Uncommon Descent Serving The Intelligent Design Community

But it isn’t science …

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When critics of ID try to define it out of existence by calling it religion or pseudoscience, it’s worth remembering that to this day scientists and philosophers have yet to settle on what is science and what isn’t. Critics who try to use such “demarcation” arguments against ID invariably end up excluding not only ID but also other things that they would like to count as science. Steve Meyer has written cogently on this very point. These articles by him have been out for a while, but they are well worth reviewing periodically:




In other words, it's only science if *we* say it's science. Barb
. . .nothing drives me quite as nuts as how people like to define science in a way that makes anything but hard naturalism “science.” They aren't doing it to protect a means to pursue truth. They are doing it as propaganda. tribune7
Yes, this is one of my biggest pet peeves. It’s the biggest science stopper of them all. And it’s dangerous, as y'all point out. It anoints an amoral priesthood that knows no limits. We must constantly remind ourselves and others that---though there is a continuum between experimental science and philosophy---there is no clear cut demarcation. Every ID proponent should read and cite these articles by Steve Meyer. Rude
No kidding - nothing drives me quite as nuts as how people like to define science in a way that makes anything but hard naturalism "science." It seems to me that the goal of science is to uncover the truth about the way things are. But if we automatically exclude anything that is not part of this metaphysical naturalistic approach, then we very well may be excluding what is true. So in reality, defining science in such limited terms ends up limiting our ability to discover truth. The ironic part about that is how this works against the very claim the skeptics want to use; i.e. that by allowing anything beyond the natural, we muffle science. We muffle science by denying the possibility of things we don't like. Leslie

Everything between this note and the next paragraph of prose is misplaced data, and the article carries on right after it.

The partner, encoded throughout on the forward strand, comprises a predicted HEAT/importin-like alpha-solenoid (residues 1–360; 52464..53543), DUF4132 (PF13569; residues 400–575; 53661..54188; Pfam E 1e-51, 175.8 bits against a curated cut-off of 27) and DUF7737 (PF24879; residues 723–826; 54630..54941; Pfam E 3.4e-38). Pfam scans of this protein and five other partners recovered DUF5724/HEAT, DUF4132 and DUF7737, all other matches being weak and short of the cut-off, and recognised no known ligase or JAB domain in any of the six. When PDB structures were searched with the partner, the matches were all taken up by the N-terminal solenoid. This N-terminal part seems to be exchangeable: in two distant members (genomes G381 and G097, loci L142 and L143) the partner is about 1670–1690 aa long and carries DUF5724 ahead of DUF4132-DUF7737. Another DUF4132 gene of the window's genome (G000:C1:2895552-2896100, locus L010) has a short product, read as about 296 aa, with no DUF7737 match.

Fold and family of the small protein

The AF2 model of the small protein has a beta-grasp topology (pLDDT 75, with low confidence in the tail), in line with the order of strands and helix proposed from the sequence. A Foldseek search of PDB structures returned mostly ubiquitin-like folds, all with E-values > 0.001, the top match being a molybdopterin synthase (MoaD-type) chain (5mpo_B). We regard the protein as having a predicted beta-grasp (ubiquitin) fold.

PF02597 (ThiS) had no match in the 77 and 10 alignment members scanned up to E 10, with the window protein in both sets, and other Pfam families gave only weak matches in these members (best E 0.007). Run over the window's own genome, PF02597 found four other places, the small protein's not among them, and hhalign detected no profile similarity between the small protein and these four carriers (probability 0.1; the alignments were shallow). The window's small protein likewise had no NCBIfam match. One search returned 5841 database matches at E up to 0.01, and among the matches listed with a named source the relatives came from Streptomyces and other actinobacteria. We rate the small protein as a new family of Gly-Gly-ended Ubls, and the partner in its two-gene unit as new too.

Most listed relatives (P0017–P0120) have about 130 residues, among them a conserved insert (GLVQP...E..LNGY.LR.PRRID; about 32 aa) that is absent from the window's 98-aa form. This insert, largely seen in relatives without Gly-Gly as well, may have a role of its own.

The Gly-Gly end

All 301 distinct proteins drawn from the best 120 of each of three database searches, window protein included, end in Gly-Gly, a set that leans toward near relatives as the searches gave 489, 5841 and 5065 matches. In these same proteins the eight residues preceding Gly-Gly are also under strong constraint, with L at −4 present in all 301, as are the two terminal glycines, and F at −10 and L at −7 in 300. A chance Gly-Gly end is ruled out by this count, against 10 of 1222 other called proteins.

If Intelligent Design is a religion then bald is a hair color. THAT is the best way to answer those morons. And if they still don't "get it" then ask them to tell you the who, what, when, where, why and how that ID says about worship and giving service. Joseph
But Gil, don't ID theorists claim to offer assurance of certitude? No, they claim to make an inference to the best explanation, based on what is known. I'm glad you asked that question. GilDodgen
Not only is there no hard definition of "science," this non-definition has be deified in our culture. If the word "science" is attached to anything, especially in the popular media, the evidence and conclusions of the "scientists" are not to be questioned, because this would be unscientific by definition. This represents a contemporary priestcraft. Unfortunately, the history of "science" is filled with assurances of certitude that turned out to be dead wrong (e.g., the steady-state, eternal universe which represented the scientific consensus until Hubble discovered the red shift and Penzias and Wilson discovered the microwave background radiation, which put the final nail in the coffin of this particular assurance of certitude which people were told should not be questioned because it was "scientific"). GilDodgen

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